USDA Disaster declarations for the state of North Carolina have been numerous the past few months, starting with the tornados in April, and ending with the drought, just a few weeks ago, with Hurricane Irene in between. While emergency loans are available to farmers Mike Husky, Farm Service Agency, NC State office says:
“We’re finding that some cases the farmer has such a debt load that they don’t want to incur additional debt, or the loss is such than an additional loan might not work out feasibly in their operation. So, a lot of the inquiries that we get seem to indicate that they’re looking for grant opportunities as opposed to loan opportunities.”
Husky explains further that while inquiries have been high the actual number of federal loans made to NC producers is very small:
“Well, our offices in the affected areas have seen quite a few phone inquiries and farmers coming in to talk about the assistance that’s available, but as far as the actually number of loans….actually from October 1 of 2011, through February 10th, we just made a total of 12 loans, so far this fiscal year in an amount…well, close to a million dollars, $942,000.”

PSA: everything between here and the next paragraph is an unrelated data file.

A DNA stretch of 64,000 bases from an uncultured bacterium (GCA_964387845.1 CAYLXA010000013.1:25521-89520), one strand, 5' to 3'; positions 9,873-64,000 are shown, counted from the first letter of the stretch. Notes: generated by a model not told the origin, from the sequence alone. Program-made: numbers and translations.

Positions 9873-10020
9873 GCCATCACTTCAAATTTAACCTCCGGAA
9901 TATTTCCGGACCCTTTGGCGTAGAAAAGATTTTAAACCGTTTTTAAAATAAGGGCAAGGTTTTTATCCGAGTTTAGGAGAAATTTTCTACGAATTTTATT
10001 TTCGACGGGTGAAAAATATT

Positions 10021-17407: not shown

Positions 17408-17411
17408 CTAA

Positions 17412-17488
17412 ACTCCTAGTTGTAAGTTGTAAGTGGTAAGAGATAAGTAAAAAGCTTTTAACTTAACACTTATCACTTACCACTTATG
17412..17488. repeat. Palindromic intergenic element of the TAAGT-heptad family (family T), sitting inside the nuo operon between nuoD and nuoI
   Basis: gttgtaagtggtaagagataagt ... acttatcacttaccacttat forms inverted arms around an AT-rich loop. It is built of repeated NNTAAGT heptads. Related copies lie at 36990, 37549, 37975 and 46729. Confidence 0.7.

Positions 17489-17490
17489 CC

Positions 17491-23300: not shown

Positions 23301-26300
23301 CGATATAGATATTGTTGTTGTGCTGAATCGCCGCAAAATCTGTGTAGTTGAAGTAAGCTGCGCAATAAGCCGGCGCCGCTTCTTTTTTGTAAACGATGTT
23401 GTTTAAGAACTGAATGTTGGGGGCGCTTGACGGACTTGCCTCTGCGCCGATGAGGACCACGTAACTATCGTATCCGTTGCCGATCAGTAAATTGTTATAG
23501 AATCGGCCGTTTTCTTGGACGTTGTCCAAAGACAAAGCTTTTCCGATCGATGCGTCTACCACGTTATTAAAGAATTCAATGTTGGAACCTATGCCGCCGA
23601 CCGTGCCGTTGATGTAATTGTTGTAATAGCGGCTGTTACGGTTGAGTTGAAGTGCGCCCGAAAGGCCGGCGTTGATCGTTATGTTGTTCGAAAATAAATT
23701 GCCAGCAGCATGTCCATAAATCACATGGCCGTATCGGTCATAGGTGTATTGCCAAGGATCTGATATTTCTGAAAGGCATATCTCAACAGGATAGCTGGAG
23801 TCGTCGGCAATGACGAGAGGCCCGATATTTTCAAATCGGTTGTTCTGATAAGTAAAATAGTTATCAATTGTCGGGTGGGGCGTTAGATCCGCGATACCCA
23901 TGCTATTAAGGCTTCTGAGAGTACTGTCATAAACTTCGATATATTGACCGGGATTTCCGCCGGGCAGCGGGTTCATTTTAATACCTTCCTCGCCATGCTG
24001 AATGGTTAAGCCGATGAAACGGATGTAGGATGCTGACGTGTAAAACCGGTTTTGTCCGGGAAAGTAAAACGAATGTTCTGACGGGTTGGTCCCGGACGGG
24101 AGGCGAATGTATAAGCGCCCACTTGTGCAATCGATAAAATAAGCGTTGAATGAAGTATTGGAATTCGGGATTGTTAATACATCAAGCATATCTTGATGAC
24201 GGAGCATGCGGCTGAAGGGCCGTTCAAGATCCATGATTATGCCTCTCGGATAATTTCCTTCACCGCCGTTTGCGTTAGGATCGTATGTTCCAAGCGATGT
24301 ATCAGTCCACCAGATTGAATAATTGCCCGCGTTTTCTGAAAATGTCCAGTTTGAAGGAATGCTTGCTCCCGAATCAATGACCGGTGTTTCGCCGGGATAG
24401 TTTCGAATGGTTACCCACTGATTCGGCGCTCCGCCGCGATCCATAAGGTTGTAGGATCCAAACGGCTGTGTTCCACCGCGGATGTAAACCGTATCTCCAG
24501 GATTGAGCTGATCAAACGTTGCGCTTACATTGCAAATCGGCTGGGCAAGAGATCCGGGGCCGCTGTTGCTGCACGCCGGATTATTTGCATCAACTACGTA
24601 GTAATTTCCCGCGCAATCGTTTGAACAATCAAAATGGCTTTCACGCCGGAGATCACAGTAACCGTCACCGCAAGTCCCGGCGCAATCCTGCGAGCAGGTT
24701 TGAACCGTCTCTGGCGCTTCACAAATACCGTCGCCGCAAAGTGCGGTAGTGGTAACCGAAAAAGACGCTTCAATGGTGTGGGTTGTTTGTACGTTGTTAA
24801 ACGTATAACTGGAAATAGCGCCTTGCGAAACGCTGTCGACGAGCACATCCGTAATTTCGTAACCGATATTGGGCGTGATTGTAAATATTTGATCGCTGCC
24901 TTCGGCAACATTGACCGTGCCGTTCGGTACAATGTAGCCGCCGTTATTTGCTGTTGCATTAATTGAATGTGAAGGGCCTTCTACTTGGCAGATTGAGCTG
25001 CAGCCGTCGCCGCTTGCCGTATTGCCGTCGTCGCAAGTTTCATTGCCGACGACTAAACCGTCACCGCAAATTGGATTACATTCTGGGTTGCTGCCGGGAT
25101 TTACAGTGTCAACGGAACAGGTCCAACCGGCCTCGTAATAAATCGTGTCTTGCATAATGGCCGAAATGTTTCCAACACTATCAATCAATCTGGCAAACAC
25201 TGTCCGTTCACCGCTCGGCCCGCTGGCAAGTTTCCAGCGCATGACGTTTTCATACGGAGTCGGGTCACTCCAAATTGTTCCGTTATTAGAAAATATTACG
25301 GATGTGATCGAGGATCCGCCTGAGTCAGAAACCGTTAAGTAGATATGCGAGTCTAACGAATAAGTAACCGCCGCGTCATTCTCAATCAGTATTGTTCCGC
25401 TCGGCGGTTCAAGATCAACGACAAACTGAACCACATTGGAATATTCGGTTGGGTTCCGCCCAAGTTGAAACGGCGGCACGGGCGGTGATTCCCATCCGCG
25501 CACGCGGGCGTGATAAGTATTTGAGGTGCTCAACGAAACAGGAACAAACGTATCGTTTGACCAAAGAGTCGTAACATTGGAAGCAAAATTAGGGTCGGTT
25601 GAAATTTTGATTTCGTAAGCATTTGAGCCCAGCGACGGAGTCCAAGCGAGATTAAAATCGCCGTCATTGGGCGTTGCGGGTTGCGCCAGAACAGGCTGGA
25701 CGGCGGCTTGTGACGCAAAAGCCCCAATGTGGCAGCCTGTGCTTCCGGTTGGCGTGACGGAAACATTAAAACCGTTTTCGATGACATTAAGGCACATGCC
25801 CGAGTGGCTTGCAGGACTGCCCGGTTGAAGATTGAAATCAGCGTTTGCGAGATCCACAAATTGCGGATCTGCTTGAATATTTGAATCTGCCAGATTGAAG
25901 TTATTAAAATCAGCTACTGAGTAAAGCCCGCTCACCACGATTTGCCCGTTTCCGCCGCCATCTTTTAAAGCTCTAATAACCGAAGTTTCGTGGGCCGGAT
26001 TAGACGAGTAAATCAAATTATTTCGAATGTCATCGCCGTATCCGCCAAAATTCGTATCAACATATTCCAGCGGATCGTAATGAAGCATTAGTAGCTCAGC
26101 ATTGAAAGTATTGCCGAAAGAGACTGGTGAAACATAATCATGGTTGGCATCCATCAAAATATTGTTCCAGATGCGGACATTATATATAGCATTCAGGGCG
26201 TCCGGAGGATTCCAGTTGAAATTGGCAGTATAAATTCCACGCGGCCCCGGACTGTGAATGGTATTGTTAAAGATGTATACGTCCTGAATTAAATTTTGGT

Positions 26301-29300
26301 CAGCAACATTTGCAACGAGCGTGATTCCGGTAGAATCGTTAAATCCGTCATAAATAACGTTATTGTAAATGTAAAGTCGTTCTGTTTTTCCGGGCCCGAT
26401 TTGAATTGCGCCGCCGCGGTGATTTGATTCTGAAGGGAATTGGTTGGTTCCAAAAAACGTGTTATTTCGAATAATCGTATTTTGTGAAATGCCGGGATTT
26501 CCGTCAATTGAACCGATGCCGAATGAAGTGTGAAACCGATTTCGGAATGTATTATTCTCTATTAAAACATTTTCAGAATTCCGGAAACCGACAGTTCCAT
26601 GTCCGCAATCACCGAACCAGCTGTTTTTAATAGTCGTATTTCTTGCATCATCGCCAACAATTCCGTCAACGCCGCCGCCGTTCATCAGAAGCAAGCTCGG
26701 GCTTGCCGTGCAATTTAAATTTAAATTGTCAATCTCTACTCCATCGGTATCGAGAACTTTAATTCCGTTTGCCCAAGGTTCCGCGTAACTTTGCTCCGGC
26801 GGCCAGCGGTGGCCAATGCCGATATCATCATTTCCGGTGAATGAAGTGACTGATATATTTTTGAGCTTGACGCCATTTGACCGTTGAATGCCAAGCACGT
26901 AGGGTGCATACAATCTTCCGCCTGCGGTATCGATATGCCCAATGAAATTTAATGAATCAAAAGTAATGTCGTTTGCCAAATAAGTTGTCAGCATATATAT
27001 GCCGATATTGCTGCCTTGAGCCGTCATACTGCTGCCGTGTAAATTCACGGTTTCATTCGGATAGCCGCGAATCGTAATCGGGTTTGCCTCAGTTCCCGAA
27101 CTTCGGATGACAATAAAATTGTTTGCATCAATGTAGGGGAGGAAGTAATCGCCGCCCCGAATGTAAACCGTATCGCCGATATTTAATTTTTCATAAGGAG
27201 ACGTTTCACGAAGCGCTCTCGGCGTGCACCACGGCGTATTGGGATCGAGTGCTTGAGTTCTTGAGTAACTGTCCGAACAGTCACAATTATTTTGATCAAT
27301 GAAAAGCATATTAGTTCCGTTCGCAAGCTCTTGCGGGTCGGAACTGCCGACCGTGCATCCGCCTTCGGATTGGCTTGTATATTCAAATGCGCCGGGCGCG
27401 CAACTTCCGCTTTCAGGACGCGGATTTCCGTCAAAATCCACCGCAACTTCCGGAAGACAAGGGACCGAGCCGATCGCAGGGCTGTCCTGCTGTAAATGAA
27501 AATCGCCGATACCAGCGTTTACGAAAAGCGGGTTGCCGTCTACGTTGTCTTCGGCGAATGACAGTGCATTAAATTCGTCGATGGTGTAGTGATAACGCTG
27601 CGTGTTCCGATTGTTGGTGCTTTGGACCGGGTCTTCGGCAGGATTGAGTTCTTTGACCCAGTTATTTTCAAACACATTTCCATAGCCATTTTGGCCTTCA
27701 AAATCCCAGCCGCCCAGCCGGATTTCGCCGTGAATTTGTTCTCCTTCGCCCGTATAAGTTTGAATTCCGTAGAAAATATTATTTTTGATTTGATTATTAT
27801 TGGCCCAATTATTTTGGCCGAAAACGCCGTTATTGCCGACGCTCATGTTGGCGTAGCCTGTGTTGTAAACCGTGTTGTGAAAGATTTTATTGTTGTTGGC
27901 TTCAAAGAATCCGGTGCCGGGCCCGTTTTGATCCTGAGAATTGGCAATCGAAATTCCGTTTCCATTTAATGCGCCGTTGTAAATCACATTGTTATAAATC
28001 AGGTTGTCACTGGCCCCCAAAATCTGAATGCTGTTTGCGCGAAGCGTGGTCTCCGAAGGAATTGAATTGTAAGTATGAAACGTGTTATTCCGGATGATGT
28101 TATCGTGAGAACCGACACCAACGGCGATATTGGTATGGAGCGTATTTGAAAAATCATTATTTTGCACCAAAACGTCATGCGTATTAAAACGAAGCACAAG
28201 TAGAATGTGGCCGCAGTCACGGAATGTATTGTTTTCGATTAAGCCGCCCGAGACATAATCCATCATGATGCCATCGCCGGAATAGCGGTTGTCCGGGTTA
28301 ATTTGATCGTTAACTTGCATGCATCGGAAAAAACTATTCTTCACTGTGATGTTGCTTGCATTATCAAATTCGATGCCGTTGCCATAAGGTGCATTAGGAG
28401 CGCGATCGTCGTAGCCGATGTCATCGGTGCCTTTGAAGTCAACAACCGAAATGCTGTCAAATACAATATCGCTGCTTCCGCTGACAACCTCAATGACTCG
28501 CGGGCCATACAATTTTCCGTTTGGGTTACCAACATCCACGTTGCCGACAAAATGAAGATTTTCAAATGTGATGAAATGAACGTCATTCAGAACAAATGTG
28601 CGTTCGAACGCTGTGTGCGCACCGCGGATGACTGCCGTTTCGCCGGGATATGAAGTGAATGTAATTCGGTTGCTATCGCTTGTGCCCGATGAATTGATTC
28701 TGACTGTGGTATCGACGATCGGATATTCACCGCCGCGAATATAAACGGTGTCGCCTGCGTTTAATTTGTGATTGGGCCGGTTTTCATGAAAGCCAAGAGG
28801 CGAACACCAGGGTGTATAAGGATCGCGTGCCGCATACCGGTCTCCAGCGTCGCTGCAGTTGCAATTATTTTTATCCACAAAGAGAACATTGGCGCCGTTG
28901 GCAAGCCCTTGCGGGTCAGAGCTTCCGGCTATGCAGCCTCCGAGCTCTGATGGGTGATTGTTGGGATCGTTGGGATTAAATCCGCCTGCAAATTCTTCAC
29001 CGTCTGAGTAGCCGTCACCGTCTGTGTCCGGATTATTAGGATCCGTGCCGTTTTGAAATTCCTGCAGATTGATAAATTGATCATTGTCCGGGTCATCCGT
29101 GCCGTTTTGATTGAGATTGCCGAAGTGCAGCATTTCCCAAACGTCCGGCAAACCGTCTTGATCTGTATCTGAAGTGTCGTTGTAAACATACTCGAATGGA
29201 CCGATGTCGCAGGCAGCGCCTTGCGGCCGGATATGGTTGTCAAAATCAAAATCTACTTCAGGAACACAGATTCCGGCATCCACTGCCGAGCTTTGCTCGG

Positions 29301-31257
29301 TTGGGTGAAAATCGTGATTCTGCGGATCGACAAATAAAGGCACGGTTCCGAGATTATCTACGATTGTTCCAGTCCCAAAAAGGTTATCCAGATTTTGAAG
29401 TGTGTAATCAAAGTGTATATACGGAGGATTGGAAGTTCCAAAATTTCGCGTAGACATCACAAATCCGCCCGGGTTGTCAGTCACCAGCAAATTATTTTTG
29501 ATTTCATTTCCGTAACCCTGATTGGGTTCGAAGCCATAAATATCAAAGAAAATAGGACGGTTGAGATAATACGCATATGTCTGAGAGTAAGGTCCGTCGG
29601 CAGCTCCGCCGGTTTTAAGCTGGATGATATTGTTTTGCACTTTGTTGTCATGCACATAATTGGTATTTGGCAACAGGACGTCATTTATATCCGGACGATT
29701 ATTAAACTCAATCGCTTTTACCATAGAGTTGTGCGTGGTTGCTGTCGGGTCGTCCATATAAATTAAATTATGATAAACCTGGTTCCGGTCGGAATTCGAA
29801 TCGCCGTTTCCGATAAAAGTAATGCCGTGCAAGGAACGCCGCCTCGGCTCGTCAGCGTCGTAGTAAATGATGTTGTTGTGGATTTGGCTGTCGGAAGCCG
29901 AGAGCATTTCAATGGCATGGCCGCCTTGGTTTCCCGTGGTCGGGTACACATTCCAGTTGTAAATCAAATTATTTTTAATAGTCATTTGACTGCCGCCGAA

Each loan has a maximum of half a million dollars, depending on the purpose.
Husky says that while the federal government has been known to make a grant or two, it’s not the same as a loan, which of course, has to be repaid:
“Our option that’s available, at least through the Farm Loan Division, is this emergency loan that we’ve been talking about.”
So, with cheap, 3.75% interest, money available, why aren’t farmers taking advantage of this option? Husky speculates:
“I would think…of course we try to publicize through the news media the availability of our program, I don’t know if everyone is hearing that may have an interest, I suppose that could be a stumbling block that they may just not have yet heard about it. But, again, a good portion of our inquiries, whether it people coming into the office or phone inquiries when we talk about the fact that our program is a loan, the sort of move on to where can they find grant-type monies.”
Also, to qualify for a USDA disaster loan, in most cases a producer must have at least one rejection from a private or land bank institution to qualify.
As Husky explains, the government has no desire to compete with private industry.